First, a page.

GLEN ALLEN, Va., March 19, 2013 /PRNewswire/ -- Star Scientific, Inc. (NASDAQ: STSI), through its wholly owned subsidiary, Rock Creek Pharmaceuticals, Inc., announced today that it has received positive preliminary results from a study investigating the effects of anatabine in an animal model of idiopathic inflammatory bowel disease, Crohn's disease and ulcerative colitis. This study, performed by researchers in the Department of Medicine at the University of Virginia, assessed the effects of anatabine administration on clinical and histologic manifestations of colitis in a mouse model of colonic inflammation that has many features of a major form of human inflammatory bowel disease.
This animal model of inflammatory bowel disease, in which bowel inflammation is induced in mice by the administration of a chemical known as DSS (dextran sodium sulphate) in the drinking water, was chosen because it is a very well established and highly reproducible model of colonic inflammation. More importantly, this model allowed for an examination of the effect of anatabine on the development and severity of inflammation (colitis prevention), as well as on the recovery from inflammation and repair of tissue damage (colitis treatment).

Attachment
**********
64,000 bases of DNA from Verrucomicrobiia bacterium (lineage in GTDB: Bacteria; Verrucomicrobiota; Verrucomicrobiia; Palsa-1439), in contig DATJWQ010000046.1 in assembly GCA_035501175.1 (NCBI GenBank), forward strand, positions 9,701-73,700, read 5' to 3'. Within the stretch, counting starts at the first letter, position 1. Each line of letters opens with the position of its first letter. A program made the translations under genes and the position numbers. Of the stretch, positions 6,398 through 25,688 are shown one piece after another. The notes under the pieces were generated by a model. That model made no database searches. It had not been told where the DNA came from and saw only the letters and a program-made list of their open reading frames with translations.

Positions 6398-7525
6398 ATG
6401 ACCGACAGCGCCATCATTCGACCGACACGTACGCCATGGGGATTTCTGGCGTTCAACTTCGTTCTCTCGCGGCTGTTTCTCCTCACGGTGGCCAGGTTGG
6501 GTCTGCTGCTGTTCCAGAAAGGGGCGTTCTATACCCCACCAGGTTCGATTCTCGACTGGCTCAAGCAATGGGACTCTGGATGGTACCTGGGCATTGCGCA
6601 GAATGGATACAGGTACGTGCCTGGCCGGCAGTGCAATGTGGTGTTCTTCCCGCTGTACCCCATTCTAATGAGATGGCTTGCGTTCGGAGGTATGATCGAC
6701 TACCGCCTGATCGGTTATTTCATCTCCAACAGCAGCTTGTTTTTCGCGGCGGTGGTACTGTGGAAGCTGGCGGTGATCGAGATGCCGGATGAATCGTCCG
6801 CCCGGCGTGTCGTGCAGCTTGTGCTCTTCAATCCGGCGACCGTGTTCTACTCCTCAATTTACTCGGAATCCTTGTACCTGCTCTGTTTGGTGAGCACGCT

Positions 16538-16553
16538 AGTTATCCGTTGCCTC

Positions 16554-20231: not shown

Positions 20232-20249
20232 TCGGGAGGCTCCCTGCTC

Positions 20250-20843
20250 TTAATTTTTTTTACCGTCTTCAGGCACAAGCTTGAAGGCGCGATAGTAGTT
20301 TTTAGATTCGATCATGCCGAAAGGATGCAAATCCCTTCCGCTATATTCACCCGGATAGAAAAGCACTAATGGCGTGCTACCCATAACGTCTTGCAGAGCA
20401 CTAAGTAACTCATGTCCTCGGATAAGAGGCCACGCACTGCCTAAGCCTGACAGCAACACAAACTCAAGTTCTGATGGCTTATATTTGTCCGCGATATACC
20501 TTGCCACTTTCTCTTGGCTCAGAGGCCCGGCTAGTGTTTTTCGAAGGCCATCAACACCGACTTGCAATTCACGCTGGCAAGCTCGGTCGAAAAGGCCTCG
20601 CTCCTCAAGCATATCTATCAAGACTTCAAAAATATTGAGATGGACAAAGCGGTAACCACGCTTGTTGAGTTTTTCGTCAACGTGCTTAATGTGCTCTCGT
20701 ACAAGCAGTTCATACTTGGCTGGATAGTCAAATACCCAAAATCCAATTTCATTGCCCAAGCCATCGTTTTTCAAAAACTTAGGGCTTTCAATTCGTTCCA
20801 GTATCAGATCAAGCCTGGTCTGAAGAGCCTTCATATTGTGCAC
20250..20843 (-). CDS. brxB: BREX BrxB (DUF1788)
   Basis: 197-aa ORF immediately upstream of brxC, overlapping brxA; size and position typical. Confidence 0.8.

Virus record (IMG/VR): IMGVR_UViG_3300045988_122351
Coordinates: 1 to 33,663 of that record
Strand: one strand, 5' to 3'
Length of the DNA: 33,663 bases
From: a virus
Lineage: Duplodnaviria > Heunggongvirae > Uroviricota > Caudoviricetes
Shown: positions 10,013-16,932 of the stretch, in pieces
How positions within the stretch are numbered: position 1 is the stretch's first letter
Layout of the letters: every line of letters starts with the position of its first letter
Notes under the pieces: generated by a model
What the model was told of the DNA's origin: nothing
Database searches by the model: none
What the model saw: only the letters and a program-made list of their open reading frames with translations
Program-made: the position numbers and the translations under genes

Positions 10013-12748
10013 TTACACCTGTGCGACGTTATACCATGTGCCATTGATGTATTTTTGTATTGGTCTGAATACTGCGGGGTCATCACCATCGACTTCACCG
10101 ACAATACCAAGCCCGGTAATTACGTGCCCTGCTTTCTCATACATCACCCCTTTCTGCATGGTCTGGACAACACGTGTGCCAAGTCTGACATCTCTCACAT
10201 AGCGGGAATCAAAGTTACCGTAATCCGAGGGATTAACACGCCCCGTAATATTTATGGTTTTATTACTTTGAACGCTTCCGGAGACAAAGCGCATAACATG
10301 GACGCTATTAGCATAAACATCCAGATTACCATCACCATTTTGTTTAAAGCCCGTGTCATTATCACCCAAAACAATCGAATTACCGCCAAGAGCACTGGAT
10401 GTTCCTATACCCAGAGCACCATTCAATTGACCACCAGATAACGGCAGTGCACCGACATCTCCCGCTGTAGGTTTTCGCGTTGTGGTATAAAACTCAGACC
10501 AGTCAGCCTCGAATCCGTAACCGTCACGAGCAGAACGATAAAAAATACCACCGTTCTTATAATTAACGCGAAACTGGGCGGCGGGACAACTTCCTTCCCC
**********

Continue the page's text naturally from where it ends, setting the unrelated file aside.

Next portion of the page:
Preliminary results from the prevention phase of the study showed that animals given anatabine in their drinking water had a statistically significantly (p < 0.05) lower score in the primary clinical disease activity index as compared to the score of mice receiving only DSS. The disease activity index is the summation of scores from three parameters assessed daily: weight loss, stool consistency, and blood in the stool (hematochezia). Lower scores represent lower levels of disease activity. Anatabine treatment significantly reduced diarrhea and watery stool during induction of the inflammatory condition. Anatabine supplementation after inflammation was established was less conclusive because mice in both the anatabine and control groups decreased the amount of water they drank by almost 50% during the first few days of the recovery regimen. Therefore, the amount of anatabine received by the anatabine treated group of mice was much lower than intended during recovery.